Last week, U.S. Vice President Joe Biden had to zigzag between the truth that accidentally spilled out of him and Washington's pragmatism. In a speech at Harvard's Kennedy School of Government, Biden said: "[Turkish] President (Recep Tayyip) Erdogan, he is an old friend, said you were right, we let too many people through, now we are trying to seal the border."
The "people," however, whom Erdogan said Ankara had "let through" were the jihadists whom Turkey had supported with arms and money, and who have now become an international nightmare.
In other words, the U.S. vice president was publicly saying that the Turkish president had confessed to supporting terrorists.
Then Erdogan threatened: "If he [Biden] really said that, he would become history for me." Finally, a White House statement announced: "The vice president apologized for any implication that Turkey or other allies and partners in the region had intentionally supplied and facilitated the growth of ISIL or other extremists in Syria."
Erdogan has never hidden that he is ideologically a next of kin to the Muslim Brotherhood and Hamas.
Erdogan has never hidden that he is ideologically a next of kin to the Muslim Brotherhood and Hamas. Hamas's overseas command center happens to be based in Turkey. Erdogan has been Hamas's staunchest (non-Hamas) cheerleader in the last decade, and the Brotherhood's key regional ally. Press reports say that Turkey has recently welcomed in the Brotherhood's top brass, who were expelled on Sept. 13 from their five-million-star hotels in Qatar. Ankara has not denied that it is offering a safe haven to the leaders of the Islamist organization.
In short, to finish off the jihadists who have captured large swathes of land in Iraq and Syria, Washington will now work with the man who until recently funded and reinforced these same jihadists (and their various offspring) and is proud of his love affairs with Hamas and the Brotherhood. More ironically, a U.S.-led coalition of nations including Arab states recently killed one of Erdogan's heroes when the coalition forces struck an ISIS camp in Syria.
When, in 2010, a Turkish-led flotilla that included the ship Mavi Marmara sailed towards Gaza to "break Israel's siege" of the Hamas-controlled land, Erdogan greeted everyone on board as "heroes." And when the Israel Defense Forces [IDF] raided the Mavi Marmara and killed nine Turks aboard, Erdogan greeted the Turks as "martyrs."
Since then, Erdogan has vehemently denied any Turkish governmental support for the Mavi Marmara. He claims he was merely objecting to "Israel's unjust oppression of the Palestinians."
But, he insists, no governmental involvement at all.
About a fortnight after the incident, members of the foreign press in Turkey received a package from the Press and Information General Directorate, a government office reporting to Erdogan. The envelope did not contain a letter, or an explanatory note. Instead, its only content was a DVD, the cover of which showed a photomontage of an Israeli soldier pointing a rifle at a vessel. The vessel was encircled in David's Star. The DVD cover read: "Moments of Horror." The line below that read: "Interviews With the Injured Aboard the Aid for Gaza Ship / With English Subtitles."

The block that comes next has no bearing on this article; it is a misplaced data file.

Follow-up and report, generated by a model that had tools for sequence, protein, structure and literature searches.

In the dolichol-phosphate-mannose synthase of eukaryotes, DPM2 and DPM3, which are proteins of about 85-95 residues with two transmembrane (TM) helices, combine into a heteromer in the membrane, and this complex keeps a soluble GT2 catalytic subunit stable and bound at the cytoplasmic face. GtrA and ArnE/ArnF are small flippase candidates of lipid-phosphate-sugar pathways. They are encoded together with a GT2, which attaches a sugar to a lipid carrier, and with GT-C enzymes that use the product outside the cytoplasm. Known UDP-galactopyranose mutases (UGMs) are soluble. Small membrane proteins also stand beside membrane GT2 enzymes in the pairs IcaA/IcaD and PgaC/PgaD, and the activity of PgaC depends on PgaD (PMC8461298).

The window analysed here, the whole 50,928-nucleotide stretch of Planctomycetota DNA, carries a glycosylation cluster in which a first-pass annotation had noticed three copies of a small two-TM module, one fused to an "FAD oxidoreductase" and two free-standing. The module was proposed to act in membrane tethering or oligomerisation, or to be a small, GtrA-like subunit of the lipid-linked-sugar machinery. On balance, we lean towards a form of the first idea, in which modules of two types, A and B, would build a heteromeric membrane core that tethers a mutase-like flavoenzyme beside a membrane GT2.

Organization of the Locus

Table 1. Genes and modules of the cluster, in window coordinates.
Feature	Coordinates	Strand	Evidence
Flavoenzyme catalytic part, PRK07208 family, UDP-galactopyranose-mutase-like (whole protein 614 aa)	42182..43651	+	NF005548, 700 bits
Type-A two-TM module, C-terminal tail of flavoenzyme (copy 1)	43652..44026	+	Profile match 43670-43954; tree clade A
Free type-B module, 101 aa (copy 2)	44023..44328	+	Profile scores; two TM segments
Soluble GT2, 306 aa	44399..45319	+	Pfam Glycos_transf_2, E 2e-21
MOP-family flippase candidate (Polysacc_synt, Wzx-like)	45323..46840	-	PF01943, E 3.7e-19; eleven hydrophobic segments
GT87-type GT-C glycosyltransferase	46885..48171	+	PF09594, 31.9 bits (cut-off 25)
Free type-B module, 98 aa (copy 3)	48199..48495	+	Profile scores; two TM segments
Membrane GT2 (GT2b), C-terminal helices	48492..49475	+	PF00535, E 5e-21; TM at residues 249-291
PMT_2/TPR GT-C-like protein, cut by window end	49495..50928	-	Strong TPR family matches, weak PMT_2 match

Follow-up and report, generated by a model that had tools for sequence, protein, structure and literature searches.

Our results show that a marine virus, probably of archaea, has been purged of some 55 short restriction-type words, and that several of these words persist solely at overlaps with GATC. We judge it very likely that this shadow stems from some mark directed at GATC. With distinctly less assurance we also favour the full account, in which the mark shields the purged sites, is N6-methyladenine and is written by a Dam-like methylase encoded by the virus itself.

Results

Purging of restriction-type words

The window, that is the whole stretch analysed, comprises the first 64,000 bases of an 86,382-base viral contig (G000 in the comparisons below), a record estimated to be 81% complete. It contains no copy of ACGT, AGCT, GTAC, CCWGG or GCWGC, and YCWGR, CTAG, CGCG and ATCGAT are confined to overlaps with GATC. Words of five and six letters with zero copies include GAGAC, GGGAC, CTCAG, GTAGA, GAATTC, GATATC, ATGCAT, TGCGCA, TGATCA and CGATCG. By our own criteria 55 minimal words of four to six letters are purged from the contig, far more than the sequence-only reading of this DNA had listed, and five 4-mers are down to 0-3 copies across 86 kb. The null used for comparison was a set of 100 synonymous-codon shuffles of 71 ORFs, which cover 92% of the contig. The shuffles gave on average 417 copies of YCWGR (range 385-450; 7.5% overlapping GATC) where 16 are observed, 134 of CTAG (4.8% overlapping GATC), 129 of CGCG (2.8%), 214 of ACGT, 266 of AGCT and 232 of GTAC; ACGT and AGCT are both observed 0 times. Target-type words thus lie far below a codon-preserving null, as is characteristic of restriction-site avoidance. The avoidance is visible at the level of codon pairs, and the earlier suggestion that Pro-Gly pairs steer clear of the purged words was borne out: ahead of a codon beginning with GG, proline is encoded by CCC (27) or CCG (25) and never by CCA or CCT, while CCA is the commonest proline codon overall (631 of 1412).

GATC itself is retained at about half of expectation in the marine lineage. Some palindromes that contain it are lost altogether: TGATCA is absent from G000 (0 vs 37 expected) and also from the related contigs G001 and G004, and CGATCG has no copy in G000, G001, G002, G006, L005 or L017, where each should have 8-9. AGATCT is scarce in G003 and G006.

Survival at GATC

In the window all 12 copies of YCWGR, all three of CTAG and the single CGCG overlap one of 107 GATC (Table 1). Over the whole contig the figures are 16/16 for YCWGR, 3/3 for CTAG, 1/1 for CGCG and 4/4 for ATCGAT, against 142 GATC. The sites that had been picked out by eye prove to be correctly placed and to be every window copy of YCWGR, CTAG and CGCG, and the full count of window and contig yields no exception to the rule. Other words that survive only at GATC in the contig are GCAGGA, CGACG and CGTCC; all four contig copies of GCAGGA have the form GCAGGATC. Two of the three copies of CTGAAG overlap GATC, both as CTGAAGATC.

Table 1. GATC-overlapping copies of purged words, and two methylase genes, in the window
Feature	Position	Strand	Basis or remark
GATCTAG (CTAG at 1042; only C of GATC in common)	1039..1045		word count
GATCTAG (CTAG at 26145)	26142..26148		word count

As the package arrived, the radio was still quoting Erdogan and his ministers as saying that the flotilla was entirely a nongovernmental initiative.
The Mavi Marmara incident was a wake-up call to Jerusalem, where diplomats had earlier been unrealistically optimistic about building a working relationship with Erdogan despite several other, earlier, warnings, including Erdogan's famous tirade in Davos against (then) Israeli President Shimon Peres that, "You (Jews) know well how to kill!" The Turkish government has since frozen ambassadorial-level diplomatic relations between Turkey and Israel, and Erdogan has increased his calculated explosive rhetoric against Israel.
Erdogan's principal argument was that a foreign military had killed Turkish nationals outside of Turkey; that those who were killed were martyrs; and that he would never allow a foreign military to harm one single Turkish citizen. Once again, he was wrong.
One of the lucky survivors of the Mavi Marmara was Yakup Bulent Alniak, an Islamist activist for the Turkish "humanitarian aid group" IHH which organized the Gaza-bound flotilla. IHH is listed by many Western countries as a terrorist organization; but its members, including Alniak, were simply heroes for Erdogan.
Alniak survived the IDF raid in 2010 but lost his life recently, at the end of September, when a U.S.-Arab coalition struck one of the largest ISIS camps in Syria. A coalition of foreign armies had killed a Turkish citizen whom the Turkish leader had declared a hero, but since then Erdogan has remained mute.
Will Erdogan downgrade Turkey's diplomatic ties with the U.S. and five Muslim nations because their militaries killed a Turkish citizen outside of Turkish territory? No. Probably because, in the pragmatic Islamist thinking, one does not properly qualify as a "martyr" if he gets killed by an army (or armies) other than Israel's.
As of this writing, on the Turkey-Syria border, CNN correspondent Phil Black hourly beams pictures of the Syrian Kurdish city of Kobani, with a black ISIS flag atop a building in the eastern part of the city, as Turkish soldiers in tanks lined up along the Turkish border "observe" ISIS troops close in for the approaching massacre.
Washington is expecting Ankara wholeheartedly to fight the rougher boys of the Islamist camp to which it belongs? Good luck.
Burak Bekdil, based in Ankara, is a Turkish columnist for the daily Hürriyet and a Fellow at the Middle East Forum.